Assignment ** Popular Sources ** Academic Articles ** Books
Your research paper for this class will need to be supported by at least 6 sources, at least 4 of which must be academic. For the other 2, you may use newspapers, magazines, and/or a reputable website (but only one source can be a website). Today, you'll learn how to find three different types of political science sources in the library:
1) popular articles;
2) academic (scholarly) articles; and
Why use so many types of sources?
While you might often use articles from academic ("peer-reviewed") journals for your research, other types of sources can provide background information, a broader perspective, or other points of view that you can incorporate into your paper.
Articles in "popular" sources are written for the general public. Popular sources include magazines (e.g., Time, U.S. News & World Report, New Republic) and newspapers (The New York Times, The Washington Post, The Chicago Sun-Times).
From the library homepage, select the "Articles" tab, then choose "Social Sciences" from the drop-down menu to access the databases listed below.
▪ Academic Search Complete
-start with a broad search, e.g., "Obamacare," "fiscal cliff," etc.
- when you get a list of results, notice the suggestions for alternate terms on the left side of the screen under "Subject" and "Subject: Thesaurus Term" (click on these menus to see the options); each of these is a link that will take you to articles that are mostly about that topic.
-from a reasonably-sized list of results (aim for 20-40 or so) click on "Academic Journals," "Magazines," and "Newspapers," to find sources of each type
▪ CQ Researcher
-unsure about your topic? need additional ideas?
1) browse the list of recent articles on the right for the most "timely" topics
2) click "browse by topic" on the left side of the page for articles listed by general category (helpful if, say, you want to research "the environment," but aren't sure where to go from there)
3) type anything you're interested in at the top of the page in the "quick search" box to get ideas for your research
-use the articles for background information
-consult the bibliography to find other good sources
"Peer-reviewed," "scholarly," "refereed," "academic"...these words can be used interchangeably. They mean that a resource has been thoroughly reviewed by scholars and that the information it contains is of high quality. "Academic" sources can include books, journals, critical reviews, analyses, and original research articles.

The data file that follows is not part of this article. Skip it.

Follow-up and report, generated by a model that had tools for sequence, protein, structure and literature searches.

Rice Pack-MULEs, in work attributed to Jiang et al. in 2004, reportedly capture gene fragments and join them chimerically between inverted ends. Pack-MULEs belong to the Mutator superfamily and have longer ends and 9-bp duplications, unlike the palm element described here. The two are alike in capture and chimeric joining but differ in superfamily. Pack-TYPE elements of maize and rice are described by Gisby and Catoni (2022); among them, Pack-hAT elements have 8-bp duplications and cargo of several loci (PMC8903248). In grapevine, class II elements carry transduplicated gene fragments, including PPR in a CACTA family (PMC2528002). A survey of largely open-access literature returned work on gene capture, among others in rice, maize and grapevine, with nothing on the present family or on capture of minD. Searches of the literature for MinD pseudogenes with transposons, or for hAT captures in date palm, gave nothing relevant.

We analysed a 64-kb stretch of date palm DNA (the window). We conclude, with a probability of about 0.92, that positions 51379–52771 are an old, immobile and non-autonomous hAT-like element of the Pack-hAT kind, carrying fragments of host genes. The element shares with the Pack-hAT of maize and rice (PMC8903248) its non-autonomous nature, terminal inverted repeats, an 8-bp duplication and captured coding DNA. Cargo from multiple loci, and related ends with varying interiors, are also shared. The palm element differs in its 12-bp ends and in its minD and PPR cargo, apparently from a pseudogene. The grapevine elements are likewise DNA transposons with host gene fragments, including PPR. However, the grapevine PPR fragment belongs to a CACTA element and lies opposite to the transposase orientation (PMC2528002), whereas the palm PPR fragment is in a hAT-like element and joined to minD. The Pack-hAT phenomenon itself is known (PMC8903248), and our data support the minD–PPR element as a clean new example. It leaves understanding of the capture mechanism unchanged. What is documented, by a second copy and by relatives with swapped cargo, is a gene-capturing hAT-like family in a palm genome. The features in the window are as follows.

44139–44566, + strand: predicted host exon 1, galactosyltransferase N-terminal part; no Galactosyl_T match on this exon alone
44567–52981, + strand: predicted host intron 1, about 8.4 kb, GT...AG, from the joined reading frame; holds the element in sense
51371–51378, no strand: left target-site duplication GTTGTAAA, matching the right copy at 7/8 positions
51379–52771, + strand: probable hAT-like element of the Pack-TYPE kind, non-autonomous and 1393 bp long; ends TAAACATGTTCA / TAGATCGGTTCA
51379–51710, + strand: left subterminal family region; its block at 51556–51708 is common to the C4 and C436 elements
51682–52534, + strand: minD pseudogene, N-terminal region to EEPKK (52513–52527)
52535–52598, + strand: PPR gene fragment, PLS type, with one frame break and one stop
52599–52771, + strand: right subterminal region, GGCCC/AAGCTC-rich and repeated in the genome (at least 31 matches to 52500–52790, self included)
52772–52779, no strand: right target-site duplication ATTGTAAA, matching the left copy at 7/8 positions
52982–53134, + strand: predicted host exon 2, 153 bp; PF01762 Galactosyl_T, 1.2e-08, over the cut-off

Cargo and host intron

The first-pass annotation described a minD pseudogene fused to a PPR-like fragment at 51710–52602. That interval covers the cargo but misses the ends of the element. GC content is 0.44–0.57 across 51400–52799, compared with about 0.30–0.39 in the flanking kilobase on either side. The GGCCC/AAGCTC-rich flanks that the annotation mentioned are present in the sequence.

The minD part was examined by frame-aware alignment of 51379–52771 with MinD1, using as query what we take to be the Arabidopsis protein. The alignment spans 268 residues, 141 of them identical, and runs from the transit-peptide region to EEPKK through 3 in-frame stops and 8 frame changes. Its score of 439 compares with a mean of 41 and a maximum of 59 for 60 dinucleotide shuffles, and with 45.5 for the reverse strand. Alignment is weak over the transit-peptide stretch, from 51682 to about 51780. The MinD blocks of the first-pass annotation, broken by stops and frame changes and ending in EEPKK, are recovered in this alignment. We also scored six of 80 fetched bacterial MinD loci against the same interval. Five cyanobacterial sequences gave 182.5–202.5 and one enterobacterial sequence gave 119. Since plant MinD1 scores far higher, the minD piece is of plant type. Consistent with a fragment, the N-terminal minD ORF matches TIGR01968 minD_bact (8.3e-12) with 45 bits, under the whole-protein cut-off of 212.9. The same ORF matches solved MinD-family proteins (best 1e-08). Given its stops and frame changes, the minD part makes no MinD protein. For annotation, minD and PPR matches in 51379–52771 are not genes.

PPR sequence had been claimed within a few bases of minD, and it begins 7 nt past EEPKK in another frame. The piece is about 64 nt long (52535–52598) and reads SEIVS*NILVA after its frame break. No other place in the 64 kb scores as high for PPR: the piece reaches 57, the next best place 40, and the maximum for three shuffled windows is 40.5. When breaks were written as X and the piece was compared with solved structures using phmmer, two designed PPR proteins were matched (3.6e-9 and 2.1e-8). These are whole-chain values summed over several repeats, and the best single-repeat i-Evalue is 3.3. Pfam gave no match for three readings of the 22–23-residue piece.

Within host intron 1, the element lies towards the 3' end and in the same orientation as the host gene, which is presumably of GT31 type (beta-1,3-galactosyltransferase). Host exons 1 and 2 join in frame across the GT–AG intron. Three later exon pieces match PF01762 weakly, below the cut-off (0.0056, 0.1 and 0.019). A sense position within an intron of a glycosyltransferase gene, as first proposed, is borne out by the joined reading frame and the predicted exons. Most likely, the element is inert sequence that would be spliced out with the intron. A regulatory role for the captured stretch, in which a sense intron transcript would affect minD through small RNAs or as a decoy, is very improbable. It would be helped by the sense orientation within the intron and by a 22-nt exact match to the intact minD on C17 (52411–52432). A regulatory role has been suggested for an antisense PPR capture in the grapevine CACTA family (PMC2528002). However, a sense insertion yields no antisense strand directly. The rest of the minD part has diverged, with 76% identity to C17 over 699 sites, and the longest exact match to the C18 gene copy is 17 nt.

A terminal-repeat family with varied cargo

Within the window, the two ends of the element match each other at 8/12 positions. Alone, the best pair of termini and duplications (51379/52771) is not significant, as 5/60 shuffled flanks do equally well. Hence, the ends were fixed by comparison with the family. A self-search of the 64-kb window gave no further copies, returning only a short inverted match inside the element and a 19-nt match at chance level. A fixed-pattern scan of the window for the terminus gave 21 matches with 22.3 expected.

Click on the yellow "Databases" tab on the library homepage, then notice the options under "Databases by Subject." Which academic departments might be appropriate for your topics? Read the descriptions of the databases in each section to determine where to start (or try Academic Search Premier, JSTOR, and Political Science Complete as starting points.)
**How can you be sure that you have the "right" kind of article?**
If you choose "peer-reviewed" or a similar option when searching in an online database, you can be confident that the results you find are going to be scholarly. But what if you're in a database where it's unclear how to narrow to scholarly results, or the database doesn't let you do that at all?
▪ Check Ulrich's (Databases --> Databases A-Z). Enter the title of the journal and click "search." If it is peer-reviewed, it will have an icon that resembles a referee's jersey.
If you're still unsure or if you have problems verifying the journal in Ulrich's, feel free to ask a librarian or Dr. Whitt.
**Help! There's no link to the full text!**
1. If there's a full-text link in the database you're in, just click on it!
2. If you don't see a full-text link, go to the library homepage and click the "Journals & Magazines" tab. Enter the title of the journal to see if the full text is available somewhere else.
3. If Augustana doesn't own the article you're looking for, click on "Interlibrary Loan" under "Research Tools" on the left side of the homepage. It's free, and you'll usually get the article within 3-5 days.
Use the Tredway Library catalog, ALiCat, to search for books. If you're not finding what you need, repeat your search in I-Share, a catalog of books from the libraries of nearly 80 college & university libraries throughout Illinois. You can request books from any of these other libraries and usually get them within 5 business days. If you leave yourself a few days to receive books from other libraries, you're more likely to find the sources that are most appropriate for your topic.
Hints for using ALiCat & I-Share:
1. The basic search screen will likely be too basic - click on "Advanced Search" to see additional search options that will lead to better results.
2. Stack your keyword search terms to combine them with "and." Example: education AND policy
3. If you find a relevant record, click on the title to see more detailed information. Notice the links next to "topics"; each of these is a hyperlink that will take you to other books about that subject.
4. Browse! You may start to notice that several books you've found in ALiCat are located close to each other on the shelves; books are organized by subject, so head up to that section of the stacks and take a look at other books that are nearby on the shelves.
Need help? Ask a librarian! Visit our help page.
Created by Anne Earel, Research & Instruction Librarian. Updated November 2014.